Glenohumeral osteoarthritis: what the surgeon needs from the radiologist

Flavio Duarte Silva, Shyam Ramachandran, Avneesh Chhabra

Research output: Contribution to journalReview articlepeer-review


Glenohumeral osteoarthritis (GHOA) is a widely prevalent disease with increasing frequency due to population aging. Both clinical manifestations and radiography play key roles in the initial diagnosis, staging, and management decisions. Radiographic disease progression evaluation is performed using validated staging systems, such as Kellgren and Lawrence, Samilson, and Hamada. For young patients with mild to moderate GHOA and failed conservative treatment, arthroscopic preservation surgery (APS) is usually considered. Older patients and those with severe GHOA benefit from different types of arthroplasties. Preoperative magnetic resonance imaging (MRI) is essential for APS surgical planning, as it maps repairable labral, cartilage, and rotator cuff lesions. For arthroplasty planning, the status of glenoid cartilage and intactness of rotator cuff as well as glenoid morphology represent key factors guiding the decision regarding the most suitable hardware design, whether resurfacing, partial, total, or reverse joint replacement. Pre-surgical MRI or alternatively computed tomography arthrogram is employed to evaluate the cartilage and rotator cuff. Finally, three-dimensional computed tomography (3D CT) is indicated to optimally assess the glenoid morphology (to determine Walch classification, version, inclination, and bone loss) and analyze the necessity for glenoid osteotomy or graft augmentation to correct the glenoid structural abnormalities for future success and longevity of the shoulder implants or chosen constructs. Understanding the purpose of each imaging and treatment modality allows more efficient image interpretation. This article reviews the above concepts and details what a surgeon needs from a radiologist and could benefit from accurate reporting of preoperative imaging studies.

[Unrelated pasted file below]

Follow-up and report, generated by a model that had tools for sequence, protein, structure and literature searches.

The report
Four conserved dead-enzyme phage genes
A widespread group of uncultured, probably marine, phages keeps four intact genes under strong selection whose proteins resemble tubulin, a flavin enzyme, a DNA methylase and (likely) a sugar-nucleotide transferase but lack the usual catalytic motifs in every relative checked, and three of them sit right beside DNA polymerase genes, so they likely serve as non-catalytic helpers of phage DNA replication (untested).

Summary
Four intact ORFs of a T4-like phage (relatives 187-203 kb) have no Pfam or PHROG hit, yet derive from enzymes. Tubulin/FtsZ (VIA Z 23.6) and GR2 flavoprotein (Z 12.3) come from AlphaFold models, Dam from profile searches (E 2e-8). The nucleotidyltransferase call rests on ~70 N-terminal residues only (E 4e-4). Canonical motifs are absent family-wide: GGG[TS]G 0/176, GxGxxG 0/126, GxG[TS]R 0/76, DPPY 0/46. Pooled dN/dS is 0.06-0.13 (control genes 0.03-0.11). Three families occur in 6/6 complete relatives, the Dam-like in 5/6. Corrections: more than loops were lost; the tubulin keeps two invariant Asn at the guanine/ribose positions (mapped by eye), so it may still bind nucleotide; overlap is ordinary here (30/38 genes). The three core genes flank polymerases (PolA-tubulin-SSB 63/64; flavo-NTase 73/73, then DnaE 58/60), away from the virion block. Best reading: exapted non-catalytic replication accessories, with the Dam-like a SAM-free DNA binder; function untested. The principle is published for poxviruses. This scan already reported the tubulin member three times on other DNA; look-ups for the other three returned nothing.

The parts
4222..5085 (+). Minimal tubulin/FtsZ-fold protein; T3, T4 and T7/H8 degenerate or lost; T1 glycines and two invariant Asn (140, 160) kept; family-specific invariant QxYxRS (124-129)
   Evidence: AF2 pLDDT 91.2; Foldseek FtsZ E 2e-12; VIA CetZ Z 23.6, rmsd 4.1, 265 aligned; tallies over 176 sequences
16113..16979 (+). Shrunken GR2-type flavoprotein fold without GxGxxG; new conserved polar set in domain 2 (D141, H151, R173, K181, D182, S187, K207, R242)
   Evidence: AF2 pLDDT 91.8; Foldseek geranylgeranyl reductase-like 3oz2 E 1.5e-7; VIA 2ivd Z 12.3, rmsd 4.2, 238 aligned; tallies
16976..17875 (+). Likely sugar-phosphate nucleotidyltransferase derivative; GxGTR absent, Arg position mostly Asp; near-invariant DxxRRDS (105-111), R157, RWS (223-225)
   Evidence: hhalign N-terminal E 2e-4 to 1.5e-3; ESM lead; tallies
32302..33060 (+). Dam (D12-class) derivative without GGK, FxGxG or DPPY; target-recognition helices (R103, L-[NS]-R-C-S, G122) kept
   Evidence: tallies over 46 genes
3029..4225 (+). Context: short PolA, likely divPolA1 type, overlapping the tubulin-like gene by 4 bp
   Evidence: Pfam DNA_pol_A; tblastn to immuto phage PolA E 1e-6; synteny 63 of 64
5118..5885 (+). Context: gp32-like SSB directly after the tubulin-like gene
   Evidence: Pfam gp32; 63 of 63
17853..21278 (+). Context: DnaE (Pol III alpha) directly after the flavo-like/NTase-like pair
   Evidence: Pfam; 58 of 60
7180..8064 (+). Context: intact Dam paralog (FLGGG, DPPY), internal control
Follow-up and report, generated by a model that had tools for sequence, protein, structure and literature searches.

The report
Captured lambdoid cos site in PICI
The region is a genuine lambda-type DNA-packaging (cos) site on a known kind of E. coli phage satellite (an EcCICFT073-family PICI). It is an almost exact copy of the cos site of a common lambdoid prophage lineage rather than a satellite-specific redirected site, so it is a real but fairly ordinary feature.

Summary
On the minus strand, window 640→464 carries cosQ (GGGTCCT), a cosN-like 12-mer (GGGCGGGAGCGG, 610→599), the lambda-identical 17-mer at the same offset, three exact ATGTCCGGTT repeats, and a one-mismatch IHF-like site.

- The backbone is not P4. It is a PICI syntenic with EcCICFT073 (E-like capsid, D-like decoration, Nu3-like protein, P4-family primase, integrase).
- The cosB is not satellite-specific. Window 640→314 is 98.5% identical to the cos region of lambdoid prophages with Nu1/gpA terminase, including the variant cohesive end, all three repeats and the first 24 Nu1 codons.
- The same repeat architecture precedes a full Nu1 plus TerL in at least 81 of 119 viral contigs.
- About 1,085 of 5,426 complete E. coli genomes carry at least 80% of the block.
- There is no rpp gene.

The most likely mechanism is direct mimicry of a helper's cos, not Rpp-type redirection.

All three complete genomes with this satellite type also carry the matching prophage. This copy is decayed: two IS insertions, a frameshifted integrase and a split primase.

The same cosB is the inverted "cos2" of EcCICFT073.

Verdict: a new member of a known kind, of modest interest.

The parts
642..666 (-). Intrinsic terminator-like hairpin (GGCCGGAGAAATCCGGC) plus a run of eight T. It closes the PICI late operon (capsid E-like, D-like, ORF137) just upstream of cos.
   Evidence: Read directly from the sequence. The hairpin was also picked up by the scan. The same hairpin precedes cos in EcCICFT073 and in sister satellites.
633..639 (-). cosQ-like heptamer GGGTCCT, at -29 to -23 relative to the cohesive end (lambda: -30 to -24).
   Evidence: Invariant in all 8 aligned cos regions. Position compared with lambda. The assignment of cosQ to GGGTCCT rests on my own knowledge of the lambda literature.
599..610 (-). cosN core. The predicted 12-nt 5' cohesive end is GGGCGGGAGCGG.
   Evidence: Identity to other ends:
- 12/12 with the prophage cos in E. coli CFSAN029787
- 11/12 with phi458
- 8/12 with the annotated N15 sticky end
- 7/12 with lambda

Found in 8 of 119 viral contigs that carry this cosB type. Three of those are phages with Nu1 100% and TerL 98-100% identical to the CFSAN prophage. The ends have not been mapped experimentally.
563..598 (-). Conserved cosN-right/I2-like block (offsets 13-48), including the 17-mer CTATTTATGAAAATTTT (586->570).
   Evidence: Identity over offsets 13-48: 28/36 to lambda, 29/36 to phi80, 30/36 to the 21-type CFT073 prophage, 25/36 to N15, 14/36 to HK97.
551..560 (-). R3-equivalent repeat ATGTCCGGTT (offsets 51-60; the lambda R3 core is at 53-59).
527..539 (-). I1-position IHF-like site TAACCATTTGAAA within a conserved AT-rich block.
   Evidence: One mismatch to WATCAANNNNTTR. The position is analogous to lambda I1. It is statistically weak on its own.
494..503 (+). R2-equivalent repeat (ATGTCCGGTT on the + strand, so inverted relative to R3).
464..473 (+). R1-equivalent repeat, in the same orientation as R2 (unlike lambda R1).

Original languageEnglish (US)
JournalSkeletal radiology
StateAccepted/In press - 2022


  • Glenohumeral joint
  • OA
  • Osteoarthritis
  • Shoulder joint
  • Shoulder surgery planning

ASJC Scopus subject areas

  • Radiology Nuclear Medicine and imaging


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